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Definition: Mongol from Brewer's Dictionary of Phrase and Fable

A member of the Asian people who live not only in Mongolia but also in China and parts of the former Soviet Union. They were united as an ‘empire’ in the 13th century under GENGHIS KHAN, but after his death fragmented into a number of separate chiefdoms. See also GOLDEN HORDE; MOGUL; TAMBERLANE.

The use of ‘Mongol’ for someone with Down's syndrome, from a supposed similarity of facial features, dates from the 1860s, but is now unacceptable and considered offensive.


Summary Article: Mongol
from The Hutchinson Unabridged Encyclopedia with Atlas and Weather Guide

Member of any of the various Mongol (or Mongolian) ethnic groups of central Asia. Mongols live in Mongolia, Russia, Inner Mongolia (China), Tibet, and Nepal. The Mongol language belongs to the Altaic family, although some groups of Mongol descent speak languages in the Sino-Tibetan family.

The Mongols are primarily pastoral nomads, herding sheep, horses, cattle, and camels. Traditionally they moved with their animals in summer to the higher pastures, returning in winter to the lower steppes. The government of Mongolia now encourages more sedentary forms of pastoralism, and winter quarters are often more permanent. About 60% of the Mongolian population live in felt-covered domed tents known as yurts. Many Mongols are Buddhists.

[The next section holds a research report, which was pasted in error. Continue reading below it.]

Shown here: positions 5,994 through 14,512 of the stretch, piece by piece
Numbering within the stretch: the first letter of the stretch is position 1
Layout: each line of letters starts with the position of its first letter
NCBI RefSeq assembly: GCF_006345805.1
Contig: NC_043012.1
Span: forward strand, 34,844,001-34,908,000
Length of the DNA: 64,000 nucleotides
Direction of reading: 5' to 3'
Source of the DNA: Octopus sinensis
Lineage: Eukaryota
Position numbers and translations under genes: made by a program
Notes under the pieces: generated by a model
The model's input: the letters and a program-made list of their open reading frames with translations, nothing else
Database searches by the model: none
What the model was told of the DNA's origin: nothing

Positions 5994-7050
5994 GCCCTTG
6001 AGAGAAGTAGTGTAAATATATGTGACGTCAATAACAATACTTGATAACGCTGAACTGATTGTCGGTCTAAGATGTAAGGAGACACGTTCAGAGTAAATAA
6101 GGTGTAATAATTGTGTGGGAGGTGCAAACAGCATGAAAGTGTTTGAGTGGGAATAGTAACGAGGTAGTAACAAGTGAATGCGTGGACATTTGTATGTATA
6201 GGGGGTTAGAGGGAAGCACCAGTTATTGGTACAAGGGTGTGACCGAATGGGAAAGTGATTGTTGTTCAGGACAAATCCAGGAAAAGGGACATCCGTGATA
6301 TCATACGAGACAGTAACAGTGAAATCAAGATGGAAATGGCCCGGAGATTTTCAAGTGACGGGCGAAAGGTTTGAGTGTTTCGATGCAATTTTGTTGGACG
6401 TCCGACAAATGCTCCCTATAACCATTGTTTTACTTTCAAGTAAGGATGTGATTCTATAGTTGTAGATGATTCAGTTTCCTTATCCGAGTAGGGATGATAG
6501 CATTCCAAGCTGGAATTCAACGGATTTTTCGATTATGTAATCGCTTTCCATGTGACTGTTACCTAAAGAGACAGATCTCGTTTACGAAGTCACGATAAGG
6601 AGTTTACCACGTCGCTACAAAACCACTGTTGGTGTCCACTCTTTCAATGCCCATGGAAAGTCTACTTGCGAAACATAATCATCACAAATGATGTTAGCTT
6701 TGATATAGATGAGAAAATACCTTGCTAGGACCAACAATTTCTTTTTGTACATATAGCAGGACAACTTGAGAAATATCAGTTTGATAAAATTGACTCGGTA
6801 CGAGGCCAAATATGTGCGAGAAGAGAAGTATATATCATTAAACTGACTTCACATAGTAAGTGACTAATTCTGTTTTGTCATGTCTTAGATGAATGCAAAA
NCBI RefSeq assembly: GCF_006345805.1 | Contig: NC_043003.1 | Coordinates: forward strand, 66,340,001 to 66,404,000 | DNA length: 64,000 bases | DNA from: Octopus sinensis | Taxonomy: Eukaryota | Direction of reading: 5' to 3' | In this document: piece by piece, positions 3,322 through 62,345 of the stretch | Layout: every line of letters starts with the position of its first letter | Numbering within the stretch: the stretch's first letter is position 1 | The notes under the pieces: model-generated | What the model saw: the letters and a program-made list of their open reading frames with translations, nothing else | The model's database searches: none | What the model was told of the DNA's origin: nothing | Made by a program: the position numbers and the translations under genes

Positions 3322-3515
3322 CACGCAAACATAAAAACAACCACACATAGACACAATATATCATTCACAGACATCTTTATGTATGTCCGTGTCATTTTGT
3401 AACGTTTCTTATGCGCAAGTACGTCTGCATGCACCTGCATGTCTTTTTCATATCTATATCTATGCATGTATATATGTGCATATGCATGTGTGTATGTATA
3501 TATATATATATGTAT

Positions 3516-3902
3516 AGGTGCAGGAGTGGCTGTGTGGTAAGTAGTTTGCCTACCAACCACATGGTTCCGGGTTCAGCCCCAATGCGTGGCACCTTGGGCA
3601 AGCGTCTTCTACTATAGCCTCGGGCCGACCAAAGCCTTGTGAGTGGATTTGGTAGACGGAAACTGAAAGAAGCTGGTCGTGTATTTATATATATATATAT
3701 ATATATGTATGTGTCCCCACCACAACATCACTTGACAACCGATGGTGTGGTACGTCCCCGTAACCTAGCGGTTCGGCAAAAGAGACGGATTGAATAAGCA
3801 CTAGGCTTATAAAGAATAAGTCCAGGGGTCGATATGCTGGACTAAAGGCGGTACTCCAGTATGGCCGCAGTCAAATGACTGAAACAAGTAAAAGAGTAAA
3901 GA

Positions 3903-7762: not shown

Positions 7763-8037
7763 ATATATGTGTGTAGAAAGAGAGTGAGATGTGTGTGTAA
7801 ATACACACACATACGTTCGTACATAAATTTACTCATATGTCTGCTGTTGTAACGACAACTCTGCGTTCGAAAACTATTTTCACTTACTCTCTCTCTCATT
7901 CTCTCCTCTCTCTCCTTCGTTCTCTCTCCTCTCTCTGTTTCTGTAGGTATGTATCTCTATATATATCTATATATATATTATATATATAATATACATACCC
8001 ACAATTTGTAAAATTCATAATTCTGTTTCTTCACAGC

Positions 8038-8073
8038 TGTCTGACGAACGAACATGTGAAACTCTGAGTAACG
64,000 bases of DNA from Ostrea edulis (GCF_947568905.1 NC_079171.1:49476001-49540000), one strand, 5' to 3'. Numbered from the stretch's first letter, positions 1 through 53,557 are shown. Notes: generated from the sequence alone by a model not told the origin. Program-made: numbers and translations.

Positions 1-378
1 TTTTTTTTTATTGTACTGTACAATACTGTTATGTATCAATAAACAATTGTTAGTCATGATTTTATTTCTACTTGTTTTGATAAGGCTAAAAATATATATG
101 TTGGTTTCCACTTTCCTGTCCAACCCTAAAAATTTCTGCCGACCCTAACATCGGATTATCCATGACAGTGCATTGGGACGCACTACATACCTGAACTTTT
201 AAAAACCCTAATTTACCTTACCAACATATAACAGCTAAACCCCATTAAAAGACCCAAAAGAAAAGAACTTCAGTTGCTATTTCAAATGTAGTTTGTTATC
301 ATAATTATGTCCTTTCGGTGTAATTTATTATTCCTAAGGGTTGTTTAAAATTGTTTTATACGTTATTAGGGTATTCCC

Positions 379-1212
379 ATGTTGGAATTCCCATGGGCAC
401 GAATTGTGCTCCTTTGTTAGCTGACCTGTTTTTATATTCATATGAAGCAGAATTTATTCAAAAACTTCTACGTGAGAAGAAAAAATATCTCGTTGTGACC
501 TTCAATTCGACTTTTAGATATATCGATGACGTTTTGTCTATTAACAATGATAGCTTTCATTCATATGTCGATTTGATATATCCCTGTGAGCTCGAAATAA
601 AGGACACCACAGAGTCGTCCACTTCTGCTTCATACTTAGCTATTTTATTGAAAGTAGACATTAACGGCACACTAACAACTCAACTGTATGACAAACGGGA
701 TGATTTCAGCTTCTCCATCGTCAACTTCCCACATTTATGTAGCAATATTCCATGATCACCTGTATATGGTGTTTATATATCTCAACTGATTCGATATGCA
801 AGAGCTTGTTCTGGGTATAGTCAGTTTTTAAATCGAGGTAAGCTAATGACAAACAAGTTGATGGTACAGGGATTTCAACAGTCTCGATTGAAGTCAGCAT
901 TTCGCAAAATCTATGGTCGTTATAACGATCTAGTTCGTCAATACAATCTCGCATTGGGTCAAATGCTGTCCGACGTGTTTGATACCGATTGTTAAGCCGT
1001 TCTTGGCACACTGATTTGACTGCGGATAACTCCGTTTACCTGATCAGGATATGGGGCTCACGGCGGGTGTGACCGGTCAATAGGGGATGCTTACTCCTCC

History In the early 13th century, united under Genghis Khan, the Mongols from 1206 to 1226 conquered central Asia, attacked Eastern Europe and established the Mongolian Empire, a rather loosely constructed federation of tribal groups. Divided by his sons at his death, the empire fragmented in the 14th century into separate chiefdoms. His son Ogotai overcame the Chin and Sung dynasties of China in 1234. Batu, another son, occupied Russia, parts of Hungary, and Georgia and Armenia, establishing the Kipchak Empire and other khanates. Hulagu, a grandson, conquered Baghdad and Syria; another grandson, Kublai Khan, was the first emperor of the Yuan dynasty (1279–1368) in China.

Golden Horde The western Kipchaks, known as the Golden Horde, declined in influence until they were united, under Toktamish in 1378, with the eastern Kipchaks, or White Horde. Shortly after, Toktamish fought against Tamerlane, a Mongolian chieftain who had conquered Samarkand in 1369. By the 18th century the Manchu dynasty of China overcame the Mongolian groups of central Asia. This dynasty collapsed in 1911, and the Mongols rose in rebellion, obtained autonomy, and formed a Soviet-modelled republic in 1924. Since World War II there has been considerable industrial development in the area, and the traditional Mahāyāna Buddhist beliefs have waned.

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Mongol Empire: Expansion

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